College Gateway

Posted Dec. 10, 2008, at 7:31 p.m.

Failing to complete a college degree or certificate program by one’s mid-20s is one of those fateful forks in the road. For those young people of low-income backgrounds, not taking the college fork not only means significantly less earning power, but it increases the chances of remaining impoverished.

The Bill & Melinda Gates Foundation plans to “spend several hundred million dollars over the next five years to double the number of low-income young people who complete a college degree or certificate program by age 26,” according to philanthropy.com. The aim is to help an additional 250,000 people each year attend college.

More than half of the new jobs created in the United States will require more than a high school diploma, Melinda Gates said.

Next year, the Gates Foundation will announce the eight to 10 states it will select for participation in the initiative, and it will initially focus on community colleges. Maine would be a good fit for the initiative, John Fitzsimmons, president of the state’s community college program, believes.

The community college system is a key pathway for lower-income people to earn a degree or certificate, and in Maine, it is growing in leaps and bounds. From 1997 to 2007, community college enrollment more than doubled, from 5,066 to 11,682. And Maine’s system retains students at a rate of nearly 50 percent, more than double what is seen in other states.

“The vast majority of our students are low-income,” Mr. Fitzsimmons said, so Gates Foundation grants would serve a great number.

The age 26 cutoff troubled some groups attending the announcement event hosted by the Gates foundation. But as pleased as Mr. Fitzsimmons is with the 40-, 50- and 60-year-olds who attend classes in the community-college system, he agrees that up to age 26 “is the right age to be pushing to make a difference.” After that age, many people have settled into jobs, relationships and housing and it is often very difficult to fit the rigors of college into those very full lives. Conversely, those in their early 20s may have worked at enough jobs to learn that many are dead ends, and they have witnessed their more educated peers get promoted and earn more money.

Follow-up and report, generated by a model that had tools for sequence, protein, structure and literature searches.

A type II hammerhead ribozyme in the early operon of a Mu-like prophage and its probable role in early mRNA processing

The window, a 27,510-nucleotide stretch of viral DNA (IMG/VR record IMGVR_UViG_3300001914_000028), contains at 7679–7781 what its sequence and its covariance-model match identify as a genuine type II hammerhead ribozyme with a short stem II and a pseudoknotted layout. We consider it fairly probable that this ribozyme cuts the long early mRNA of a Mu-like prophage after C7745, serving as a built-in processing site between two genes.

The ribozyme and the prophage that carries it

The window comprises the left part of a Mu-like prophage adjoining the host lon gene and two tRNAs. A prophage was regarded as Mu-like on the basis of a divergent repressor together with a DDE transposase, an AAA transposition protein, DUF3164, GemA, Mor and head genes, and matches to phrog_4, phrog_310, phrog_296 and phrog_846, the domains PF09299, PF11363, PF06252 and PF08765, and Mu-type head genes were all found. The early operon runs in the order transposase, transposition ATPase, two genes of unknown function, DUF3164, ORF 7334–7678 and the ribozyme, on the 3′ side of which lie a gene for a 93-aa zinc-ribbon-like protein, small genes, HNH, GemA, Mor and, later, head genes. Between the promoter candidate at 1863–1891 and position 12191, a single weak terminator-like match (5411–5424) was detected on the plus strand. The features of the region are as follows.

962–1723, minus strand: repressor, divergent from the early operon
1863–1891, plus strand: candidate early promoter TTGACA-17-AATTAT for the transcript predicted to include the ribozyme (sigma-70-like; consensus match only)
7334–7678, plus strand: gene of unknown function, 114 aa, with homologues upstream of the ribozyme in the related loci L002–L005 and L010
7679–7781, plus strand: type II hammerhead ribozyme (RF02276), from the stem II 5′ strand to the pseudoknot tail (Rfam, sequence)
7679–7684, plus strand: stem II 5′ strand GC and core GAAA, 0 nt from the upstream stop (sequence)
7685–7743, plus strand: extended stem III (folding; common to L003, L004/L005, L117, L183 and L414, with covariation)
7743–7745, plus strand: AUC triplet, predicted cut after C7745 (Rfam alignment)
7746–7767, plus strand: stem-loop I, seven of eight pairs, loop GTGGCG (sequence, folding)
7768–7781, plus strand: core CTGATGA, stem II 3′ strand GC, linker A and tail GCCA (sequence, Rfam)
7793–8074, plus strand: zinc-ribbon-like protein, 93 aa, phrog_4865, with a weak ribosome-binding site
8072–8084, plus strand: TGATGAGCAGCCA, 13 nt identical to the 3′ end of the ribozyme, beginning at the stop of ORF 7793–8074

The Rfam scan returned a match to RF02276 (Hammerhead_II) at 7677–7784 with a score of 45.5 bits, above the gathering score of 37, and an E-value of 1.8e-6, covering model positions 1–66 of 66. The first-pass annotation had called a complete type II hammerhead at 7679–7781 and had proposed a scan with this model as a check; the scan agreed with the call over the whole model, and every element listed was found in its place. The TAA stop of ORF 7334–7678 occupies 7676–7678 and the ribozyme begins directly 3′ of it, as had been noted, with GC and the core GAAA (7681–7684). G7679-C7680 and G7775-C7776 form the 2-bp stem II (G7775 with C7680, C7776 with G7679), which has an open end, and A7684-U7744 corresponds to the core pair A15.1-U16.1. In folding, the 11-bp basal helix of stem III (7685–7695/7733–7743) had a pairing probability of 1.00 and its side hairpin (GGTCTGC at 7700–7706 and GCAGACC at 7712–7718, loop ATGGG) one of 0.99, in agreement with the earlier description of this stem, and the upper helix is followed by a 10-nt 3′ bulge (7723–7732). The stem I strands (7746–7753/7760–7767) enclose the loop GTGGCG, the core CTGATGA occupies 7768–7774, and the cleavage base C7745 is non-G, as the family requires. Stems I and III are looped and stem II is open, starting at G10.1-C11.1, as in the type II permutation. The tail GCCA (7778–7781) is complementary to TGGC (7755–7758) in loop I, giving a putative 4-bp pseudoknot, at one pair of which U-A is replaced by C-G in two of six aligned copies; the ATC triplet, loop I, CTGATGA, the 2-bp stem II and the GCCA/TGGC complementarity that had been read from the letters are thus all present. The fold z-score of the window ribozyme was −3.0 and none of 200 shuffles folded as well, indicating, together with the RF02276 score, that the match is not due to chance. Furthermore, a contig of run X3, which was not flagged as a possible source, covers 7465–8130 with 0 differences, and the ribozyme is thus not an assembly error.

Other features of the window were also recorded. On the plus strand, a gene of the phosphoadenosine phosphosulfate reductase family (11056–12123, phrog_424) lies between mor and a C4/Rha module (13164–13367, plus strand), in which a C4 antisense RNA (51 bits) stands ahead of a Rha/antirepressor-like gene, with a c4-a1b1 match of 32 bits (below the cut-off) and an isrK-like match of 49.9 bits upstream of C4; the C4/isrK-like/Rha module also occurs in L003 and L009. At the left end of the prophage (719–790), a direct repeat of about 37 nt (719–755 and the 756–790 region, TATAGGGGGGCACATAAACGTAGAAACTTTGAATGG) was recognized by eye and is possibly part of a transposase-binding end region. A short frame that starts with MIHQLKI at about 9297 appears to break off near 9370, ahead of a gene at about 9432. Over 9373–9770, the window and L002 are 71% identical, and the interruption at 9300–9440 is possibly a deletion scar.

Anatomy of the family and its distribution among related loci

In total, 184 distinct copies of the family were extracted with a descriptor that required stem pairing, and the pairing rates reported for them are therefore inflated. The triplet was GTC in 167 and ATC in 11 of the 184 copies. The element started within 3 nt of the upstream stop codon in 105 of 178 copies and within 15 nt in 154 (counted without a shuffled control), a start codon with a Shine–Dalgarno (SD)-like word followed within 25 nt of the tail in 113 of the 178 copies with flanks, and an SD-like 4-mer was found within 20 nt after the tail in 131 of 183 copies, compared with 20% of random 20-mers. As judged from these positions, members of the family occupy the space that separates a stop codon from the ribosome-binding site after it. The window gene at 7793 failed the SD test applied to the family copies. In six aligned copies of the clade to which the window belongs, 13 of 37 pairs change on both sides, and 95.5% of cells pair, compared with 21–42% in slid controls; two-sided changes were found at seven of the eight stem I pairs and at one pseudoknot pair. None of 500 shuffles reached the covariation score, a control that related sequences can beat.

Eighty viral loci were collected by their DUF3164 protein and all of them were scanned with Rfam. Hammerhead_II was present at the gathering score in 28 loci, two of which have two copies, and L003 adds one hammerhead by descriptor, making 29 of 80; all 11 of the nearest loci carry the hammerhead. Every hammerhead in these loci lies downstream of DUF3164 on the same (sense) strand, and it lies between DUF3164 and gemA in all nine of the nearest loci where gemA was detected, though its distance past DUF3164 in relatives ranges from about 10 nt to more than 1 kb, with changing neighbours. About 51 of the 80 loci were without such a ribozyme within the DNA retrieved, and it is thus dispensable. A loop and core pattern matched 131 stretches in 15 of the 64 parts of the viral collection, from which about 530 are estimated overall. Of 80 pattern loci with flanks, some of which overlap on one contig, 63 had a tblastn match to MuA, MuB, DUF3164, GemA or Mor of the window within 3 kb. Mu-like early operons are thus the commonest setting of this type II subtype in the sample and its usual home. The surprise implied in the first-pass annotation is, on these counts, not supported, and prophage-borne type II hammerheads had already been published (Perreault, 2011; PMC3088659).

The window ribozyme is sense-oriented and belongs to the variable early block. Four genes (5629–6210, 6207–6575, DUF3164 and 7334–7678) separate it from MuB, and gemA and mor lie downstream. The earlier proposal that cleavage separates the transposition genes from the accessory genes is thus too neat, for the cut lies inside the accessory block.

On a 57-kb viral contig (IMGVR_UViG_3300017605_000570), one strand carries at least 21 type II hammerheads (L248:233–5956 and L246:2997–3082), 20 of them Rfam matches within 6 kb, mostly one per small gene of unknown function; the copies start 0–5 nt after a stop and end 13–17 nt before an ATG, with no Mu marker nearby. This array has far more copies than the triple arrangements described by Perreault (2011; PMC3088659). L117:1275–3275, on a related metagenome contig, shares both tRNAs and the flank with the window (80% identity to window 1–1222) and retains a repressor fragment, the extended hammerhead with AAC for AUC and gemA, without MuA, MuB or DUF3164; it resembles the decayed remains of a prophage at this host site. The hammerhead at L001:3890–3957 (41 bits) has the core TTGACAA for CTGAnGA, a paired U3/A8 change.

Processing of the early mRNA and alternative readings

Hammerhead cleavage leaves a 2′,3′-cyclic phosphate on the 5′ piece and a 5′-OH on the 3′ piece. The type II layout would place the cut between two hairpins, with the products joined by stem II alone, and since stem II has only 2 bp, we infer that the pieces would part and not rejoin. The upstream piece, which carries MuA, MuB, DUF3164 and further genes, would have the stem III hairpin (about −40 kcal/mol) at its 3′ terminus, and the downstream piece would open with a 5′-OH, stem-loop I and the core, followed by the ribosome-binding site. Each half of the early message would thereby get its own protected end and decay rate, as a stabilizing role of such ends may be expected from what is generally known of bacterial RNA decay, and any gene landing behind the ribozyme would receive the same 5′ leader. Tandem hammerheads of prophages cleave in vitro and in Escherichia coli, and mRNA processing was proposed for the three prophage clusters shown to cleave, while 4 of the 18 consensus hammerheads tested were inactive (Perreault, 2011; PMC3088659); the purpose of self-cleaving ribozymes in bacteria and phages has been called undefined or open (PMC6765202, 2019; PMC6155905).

Maine also faces an educational gender gap, Mr. Fitzsimmons said. The female-to-male ratio of college students is the highest in the country. Helping young men pay for college could help reduce that ratio.

The power of a college degree or certificate to break the generational cycles of poverty is also worth highlighting.

“Completing high school ready for college is a key transition point in the path out of poverty,” Melinda Gates said, according to philanthropy.com. “A second transition is earning a post secondary credential with value in the workplace. If young people fail to make the first transition, it’s unlikely they will make the second. If they fail to make the second, it’s likely they will be poor.”

Twenty years ago, the U.S. was first in the world in the percentage of those 25-34 who held a post secondary degree or certificate, but has dropped to 10th place. In fiscally lean times, it’s encouraging to see entrepreneurs like the Gateses invest in restoring access to education.

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